Guest Notes

Racism notes

22 September 2018

9:00 AM

22 September 2018

9:00 AM

Taking offence means we all walk on eggshells

Recently, a controversial cartoon was drawn of a tennis champion which many people claimed offended them because of its alleged ‘racist’ nature. But this is simply one example of where allegations of racism have been made where there was no racism; there will be new allegations of racism next week, and the week after that, and the week after that. Claims of racism (where none exists) are closely related to taking offence, and I will discuss both of these in these Notes.

There seems to be a massive divide between those who see an event as racist and those who don’t. One group is accused of being snowflakes and the other group accused of being in denial of racism. Let me state upfront, I acknowledge the existence of racism, but I think racism allegations are far too often the result of ‘mental manufacturing’ in the minds of claimants, rather than of actual cases of real racism. I will state again that I acknowledge the existence of racism. I need to repeat myself because past experience has shown that when I challenge those whom I believe make false allegations of racism, I am accused of saying racism does not exist. One more time, I don’t deny the existence of racism – I just think its prevalence is exaggerated.

We live in an age where all it takes to brand a person (or cartoon) as racist, is for someone to make the allegation, and others to get on board and claim: ‘it feels racist to me.’ Once labeled, no proof is needed.


So why are so many people quick to take offence and see racism where it isn’t? With regard to offence, to feel offended is to feel important. The professional offence-takers are concerned only about themselves. They want to be noticed by others. It makes no sense to take offence unless others know that you are offended. In the case of individuals who feel they are the direct and intended target of someone’s allegedly offensive behavior, they usually receive attention from well-meaning others who seek to soothe them with reassurance that they have indeed been emotionally wounded by supposedly offensive words or behaviour. Some go on to achieve hero status, and if their offence is really big enough, they can even receive a nice payout if they have a good lawyer.

But it seems being offended has become a spectator sport. You can be offended on behalf of someone thousands of miles away who is allegedly suffering from the behaviour or comments of another. You don’t have to be a member of the sufferer’s age group, race, income class, religion, or gender, you just have to be human and you can claim to share their offence. So there’s no excuse now for not being offended; you can achieve vicarious offence through the ‘sufferings’ of others. This form of offence carries the same benefits as being personally offended, namely, to feel offended is to feel important. It’s the vicarious form of offence that I wish to focus on here.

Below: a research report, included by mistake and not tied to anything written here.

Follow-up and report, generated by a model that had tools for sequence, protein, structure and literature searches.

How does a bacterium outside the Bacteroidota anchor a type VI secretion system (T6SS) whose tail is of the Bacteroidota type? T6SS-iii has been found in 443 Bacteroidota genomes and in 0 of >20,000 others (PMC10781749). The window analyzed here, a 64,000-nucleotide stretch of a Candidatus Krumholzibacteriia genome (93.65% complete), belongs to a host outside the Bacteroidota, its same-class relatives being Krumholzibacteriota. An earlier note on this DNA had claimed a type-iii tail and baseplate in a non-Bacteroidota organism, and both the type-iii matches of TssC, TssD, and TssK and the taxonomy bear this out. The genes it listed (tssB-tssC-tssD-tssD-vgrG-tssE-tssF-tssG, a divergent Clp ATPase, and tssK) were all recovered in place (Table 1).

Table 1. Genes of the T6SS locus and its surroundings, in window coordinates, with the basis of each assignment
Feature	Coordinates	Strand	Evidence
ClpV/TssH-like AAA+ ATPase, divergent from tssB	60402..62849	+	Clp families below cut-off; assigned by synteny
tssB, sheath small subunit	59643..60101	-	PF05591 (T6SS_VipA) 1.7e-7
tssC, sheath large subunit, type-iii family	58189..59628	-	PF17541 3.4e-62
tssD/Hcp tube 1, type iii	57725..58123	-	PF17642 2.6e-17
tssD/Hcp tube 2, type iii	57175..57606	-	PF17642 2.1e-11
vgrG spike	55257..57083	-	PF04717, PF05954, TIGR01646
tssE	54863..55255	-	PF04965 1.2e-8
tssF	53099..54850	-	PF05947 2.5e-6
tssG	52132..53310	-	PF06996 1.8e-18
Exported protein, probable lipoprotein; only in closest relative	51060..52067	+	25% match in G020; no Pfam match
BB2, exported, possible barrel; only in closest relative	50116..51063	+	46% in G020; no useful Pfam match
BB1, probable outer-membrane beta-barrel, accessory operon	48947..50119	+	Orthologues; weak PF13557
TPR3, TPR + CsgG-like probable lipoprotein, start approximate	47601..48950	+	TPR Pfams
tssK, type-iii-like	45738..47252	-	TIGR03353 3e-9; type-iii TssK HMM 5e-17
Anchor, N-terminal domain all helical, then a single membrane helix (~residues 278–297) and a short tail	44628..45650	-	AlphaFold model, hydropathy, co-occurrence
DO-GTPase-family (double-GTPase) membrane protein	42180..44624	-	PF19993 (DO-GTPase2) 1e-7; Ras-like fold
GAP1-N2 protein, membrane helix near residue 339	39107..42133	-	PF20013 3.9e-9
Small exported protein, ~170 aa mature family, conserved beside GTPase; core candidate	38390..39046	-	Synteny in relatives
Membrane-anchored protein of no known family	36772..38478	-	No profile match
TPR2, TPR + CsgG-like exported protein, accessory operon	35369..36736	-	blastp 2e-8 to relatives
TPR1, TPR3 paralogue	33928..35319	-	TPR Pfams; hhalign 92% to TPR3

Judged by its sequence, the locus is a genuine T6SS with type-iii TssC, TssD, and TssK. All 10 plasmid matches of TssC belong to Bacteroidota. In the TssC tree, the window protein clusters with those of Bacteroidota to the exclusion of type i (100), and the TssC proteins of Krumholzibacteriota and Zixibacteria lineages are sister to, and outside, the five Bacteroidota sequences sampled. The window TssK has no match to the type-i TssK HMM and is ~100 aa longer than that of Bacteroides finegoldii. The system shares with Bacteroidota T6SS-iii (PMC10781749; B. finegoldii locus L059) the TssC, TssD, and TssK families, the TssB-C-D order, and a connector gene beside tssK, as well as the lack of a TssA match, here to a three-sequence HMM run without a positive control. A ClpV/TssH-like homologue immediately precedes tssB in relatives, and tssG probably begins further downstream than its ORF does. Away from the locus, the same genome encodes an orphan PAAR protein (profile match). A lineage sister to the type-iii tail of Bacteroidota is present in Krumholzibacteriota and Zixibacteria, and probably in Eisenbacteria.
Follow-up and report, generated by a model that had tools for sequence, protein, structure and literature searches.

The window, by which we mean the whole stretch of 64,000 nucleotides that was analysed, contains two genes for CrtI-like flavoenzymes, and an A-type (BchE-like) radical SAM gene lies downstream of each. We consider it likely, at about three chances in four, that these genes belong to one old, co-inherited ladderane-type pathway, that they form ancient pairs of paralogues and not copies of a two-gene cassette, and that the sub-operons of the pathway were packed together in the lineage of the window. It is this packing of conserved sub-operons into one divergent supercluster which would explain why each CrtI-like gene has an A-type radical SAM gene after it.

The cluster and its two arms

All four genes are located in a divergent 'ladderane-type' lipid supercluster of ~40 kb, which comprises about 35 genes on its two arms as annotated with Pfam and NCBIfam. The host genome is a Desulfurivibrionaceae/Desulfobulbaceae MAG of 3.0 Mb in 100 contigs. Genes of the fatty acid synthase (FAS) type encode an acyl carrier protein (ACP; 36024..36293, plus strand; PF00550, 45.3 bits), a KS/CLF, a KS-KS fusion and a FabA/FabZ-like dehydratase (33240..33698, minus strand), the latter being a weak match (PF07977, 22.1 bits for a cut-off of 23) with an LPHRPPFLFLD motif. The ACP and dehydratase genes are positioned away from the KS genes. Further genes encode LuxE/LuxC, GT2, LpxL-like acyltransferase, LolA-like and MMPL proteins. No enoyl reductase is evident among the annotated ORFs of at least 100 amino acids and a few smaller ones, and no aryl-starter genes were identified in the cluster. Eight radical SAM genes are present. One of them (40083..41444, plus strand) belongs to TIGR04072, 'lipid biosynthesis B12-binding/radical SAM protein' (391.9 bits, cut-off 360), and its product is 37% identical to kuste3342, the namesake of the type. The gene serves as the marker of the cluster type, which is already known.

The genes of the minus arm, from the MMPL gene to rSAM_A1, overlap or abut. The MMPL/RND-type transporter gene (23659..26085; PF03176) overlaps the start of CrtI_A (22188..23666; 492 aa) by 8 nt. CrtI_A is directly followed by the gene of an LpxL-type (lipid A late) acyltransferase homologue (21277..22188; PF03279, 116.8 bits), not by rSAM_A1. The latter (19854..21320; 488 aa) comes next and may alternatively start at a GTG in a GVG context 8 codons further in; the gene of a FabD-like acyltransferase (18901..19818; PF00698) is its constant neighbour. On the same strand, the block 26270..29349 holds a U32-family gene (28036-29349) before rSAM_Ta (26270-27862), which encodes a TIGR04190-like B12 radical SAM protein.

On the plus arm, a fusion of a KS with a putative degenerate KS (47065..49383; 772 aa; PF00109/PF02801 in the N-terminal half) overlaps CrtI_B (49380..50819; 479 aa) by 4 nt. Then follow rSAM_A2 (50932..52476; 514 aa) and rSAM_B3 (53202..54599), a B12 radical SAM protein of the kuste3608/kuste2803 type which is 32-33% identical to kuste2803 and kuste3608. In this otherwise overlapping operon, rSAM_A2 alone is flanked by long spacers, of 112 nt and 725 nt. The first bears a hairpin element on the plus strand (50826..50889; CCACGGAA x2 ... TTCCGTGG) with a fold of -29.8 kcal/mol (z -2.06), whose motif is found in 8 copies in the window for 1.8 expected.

So why has racism become the popular means for taking vicarious offence? Racism is to be abhorred, and rightly so. But for those who cast a racist spin on an event that is simply not racist, in addition to being vicariously offended, they also have the opportunity to play the hero who takes a stand against racism. And which of us deep down doesn’t wish to be a hero?

Most of us don’t have the opportunity to help minority groups who struggle, but for the professional offence-seeker, calling out racism, even if it only originates in their imaginations, helps them think that they have acted as good moral citizens. Take as an example the case of racism assumed to be holding Australian Aboriginal people back. We have all seen the images of Aboriginal people living in deplorable conditions. We have also seen in the past, where real racism against them was common. And certainly past racism may potentially contribute to the suffering that many Aboriginal people experience today, however, it is not this past racism that sustains today’s suffering. Many Australians experience a bit of guilt as they sit back in their comfy lounge chairs seeing these images on their laptops, plasma screens, or iPhones. To alleviate their guilt while sipping on a latte or knocking back a cold one, they assume that (white) government is to blame, and make the grand statement: ‘That’s racist and I oppose racism,’ then return to their easy living and think: ‘Well there, I’ve done my bit to help the Aboriginal people.’

One may well think: ‘Well if the “offenderati” want to play hero by taking offence, that’s their business.’ But such selfish behavior has implications for the rest of society. First, despite how offended you may feel and how many times you say: ‘I oppose racism’ it is not going to help anyone. Second, to live in a society where there are people continually on the lookout for opportunities to be offended by, means that the rest of us have to walk on eggshells and guard every word we speak. Such restraints breed resentment, and that eventually leads to conflict – we all lose. We can do better than that.

I referred earlier to the recent controversial cartoon by Mark Knight. While plenty of people seem to think that it shows how prevalent racism is, I think it shows just how far we’ve come in terms of dealing with real racism. For anyone who saw racism in that cartoon, I think your mental gymnastics skills could be better used to make Australia an even better country than it already is. If that cartoon is what racism is (as so many in the twittersphere thought) then I think it proves that any real racism is fast becoming extinct.

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